On June 12 & 13 Paul Alfano will be speaking at Real Estate Book Camp, a comprehensive two-day seminar sponsored by the National Business Institute and featuring ten noted New Hampshire attorneys. Paul is scheduled to speak on “Tax Matters in Real Estate,” with a focus on how property owners can reduce their property tax liability.
According to the New Hampshire Commercial Investment Board of Realtors (CIBOR), “Fannie Mae refuses to take a residential mortgage for a dwelling on a private road where the owner does not have a signed maintenance agreement with other property owners on that road. However, Fannie will waive that requirement if a state statute exists which allocates responsibility of the road’s maintenance.”
House Bill 181 was introduced in the New Hampshire legislature this year to address this issue. House Bill 181 would have imposed on all owners of any residential property abutting a private road providing access to the property responsibility “for the cost of maintaining the road in good repair and the cost of repairing and restoring any damaged portion of the road.” In the absence of a written agreement among the affected landowners, “the cost of maintaining, repairing, or restoring such road shall be shared by each owner of a residential property in proportion to the benefit received by each such property.”
Testimony before the House Committee on Public Works and Highways revealed many shortcomings, such as how one would determine proportionality – by relative location on the road? Number of times the road is used? Frontage? The bill also did not define “private road.” Another concern was philosophical: some people did not like the state dictating relationships among private property owners, some of whom may have unwritten, but workable, mechanisms already in place. The committee voted unanimously to kill the bill on February 14, 2017, and the House did likewise on March 8, 2017.
A school must own the real estate and operate the school to satisfy RSA 72:23, IV. Appeal of Kadle Properties Revocable Realty Trust (March 10, 2017). In Kadle, a trust owned the real estate and a separate for-profit corporation that offered computer classes was the tenant. For purposes of its decision, the court assumed the corporation operated a “school” within the meaning of the applicable statute. “’It is clear from [the language of RSA 72:23, IV] that not only must the school be the entity which owns the [real estate], but it must also be the entity which uses and occupies the [real estate].’” Kadle, internal cite omitted.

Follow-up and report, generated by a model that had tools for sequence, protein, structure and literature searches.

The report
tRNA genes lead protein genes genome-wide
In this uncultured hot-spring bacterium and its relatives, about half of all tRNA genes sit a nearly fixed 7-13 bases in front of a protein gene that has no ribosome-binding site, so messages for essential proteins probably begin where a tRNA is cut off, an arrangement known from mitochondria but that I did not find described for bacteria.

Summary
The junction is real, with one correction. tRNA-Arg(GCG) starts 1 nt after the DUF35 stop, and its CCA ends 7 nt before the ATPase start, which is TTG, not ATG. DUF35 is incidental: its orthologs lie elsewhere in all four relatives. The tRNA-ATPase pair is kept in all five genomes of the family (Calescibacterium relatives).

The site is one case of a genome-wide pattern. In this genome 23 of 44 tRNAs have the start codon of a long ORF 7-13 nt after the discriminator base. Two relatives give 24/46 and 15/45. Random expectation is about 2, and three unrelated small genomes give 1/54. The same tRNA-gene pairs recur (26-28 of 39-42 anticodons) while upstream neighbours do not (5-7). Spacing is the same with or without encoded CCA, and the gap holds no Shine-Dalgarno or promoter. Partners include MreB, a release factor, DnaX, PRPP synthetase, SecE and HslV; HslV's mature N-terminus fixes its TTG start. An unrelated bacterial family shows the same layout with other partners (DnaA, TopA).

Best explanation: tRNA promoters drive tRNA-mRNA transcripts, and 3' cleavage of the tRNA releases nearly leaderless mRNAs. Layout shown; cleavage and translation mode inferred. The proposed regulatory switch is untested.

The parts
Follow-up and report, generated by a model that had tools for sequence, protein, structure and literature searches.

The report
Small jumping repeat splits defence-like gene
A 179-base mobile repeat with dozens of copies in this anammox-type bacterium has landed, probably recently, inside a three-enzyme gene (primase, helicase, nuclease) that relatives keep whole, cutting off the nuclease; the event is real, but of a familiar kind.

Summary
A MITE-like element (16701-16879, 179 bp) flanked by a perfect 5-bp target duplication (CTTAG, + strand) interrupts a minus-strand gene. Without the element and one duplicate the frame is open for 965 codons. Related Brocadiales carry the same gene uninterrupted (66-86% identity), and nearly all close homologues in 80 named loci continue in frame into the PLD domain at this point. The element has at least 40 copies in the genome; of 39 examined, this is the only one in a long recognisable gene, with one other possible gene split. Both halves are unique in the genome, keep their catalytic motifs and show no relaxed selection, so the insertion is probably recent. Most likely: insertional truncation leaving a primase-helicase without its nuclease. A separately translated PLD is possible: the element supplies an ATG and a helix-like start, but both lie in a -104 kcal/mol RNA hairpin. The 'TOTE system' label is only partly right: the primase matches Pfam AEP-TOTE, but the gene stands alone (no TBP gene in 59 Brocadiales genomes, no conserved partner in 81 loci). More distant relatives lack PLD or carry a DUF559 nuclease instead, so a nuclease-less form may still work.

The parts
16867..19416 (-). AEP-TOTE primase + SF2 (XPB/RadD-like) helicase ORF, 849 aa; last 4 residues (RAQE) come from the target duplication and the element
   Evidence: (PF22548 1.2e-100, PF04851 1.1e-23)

Notwithstanding RSA 72:23, IV, the Kadle court also interpreted RSA 72:23, V-a, which allows RSA 72:23 exemptions (including section IV for schools) where the organization that owns the real estate is not the same that operates the school provided both organizations would qualify for the exemption if each both owned the real estate and operated the school in question. Each organization must independently qualify as an exempt organization. In Kadle, the trust/owner did “not contend that it [was] an organization independently eligible for the” education exemption, so the court ruled it was not eligible for an exemption under RSA 72:23, V-a.
Amazing but true…..
Animal Rights Group Sues on Behalf of Monkey for Ownership of “Selfies”
PETA, filed suit on behalf of a female macaque monkey asserting that the monkey should enjoy copyright protection on a “selfie” she took when she stole a photographer’s camera. The organization hopes to use the proceeds from the published work to benefit the animals themselves….the photographer who lost his camera claims to own the picture because it was taken with his settings, but under that logic the factory owns the copyright on every candid taken by those tools who spend way too much on a professional camera they don’t understand and never mess with the defaults…READ MORE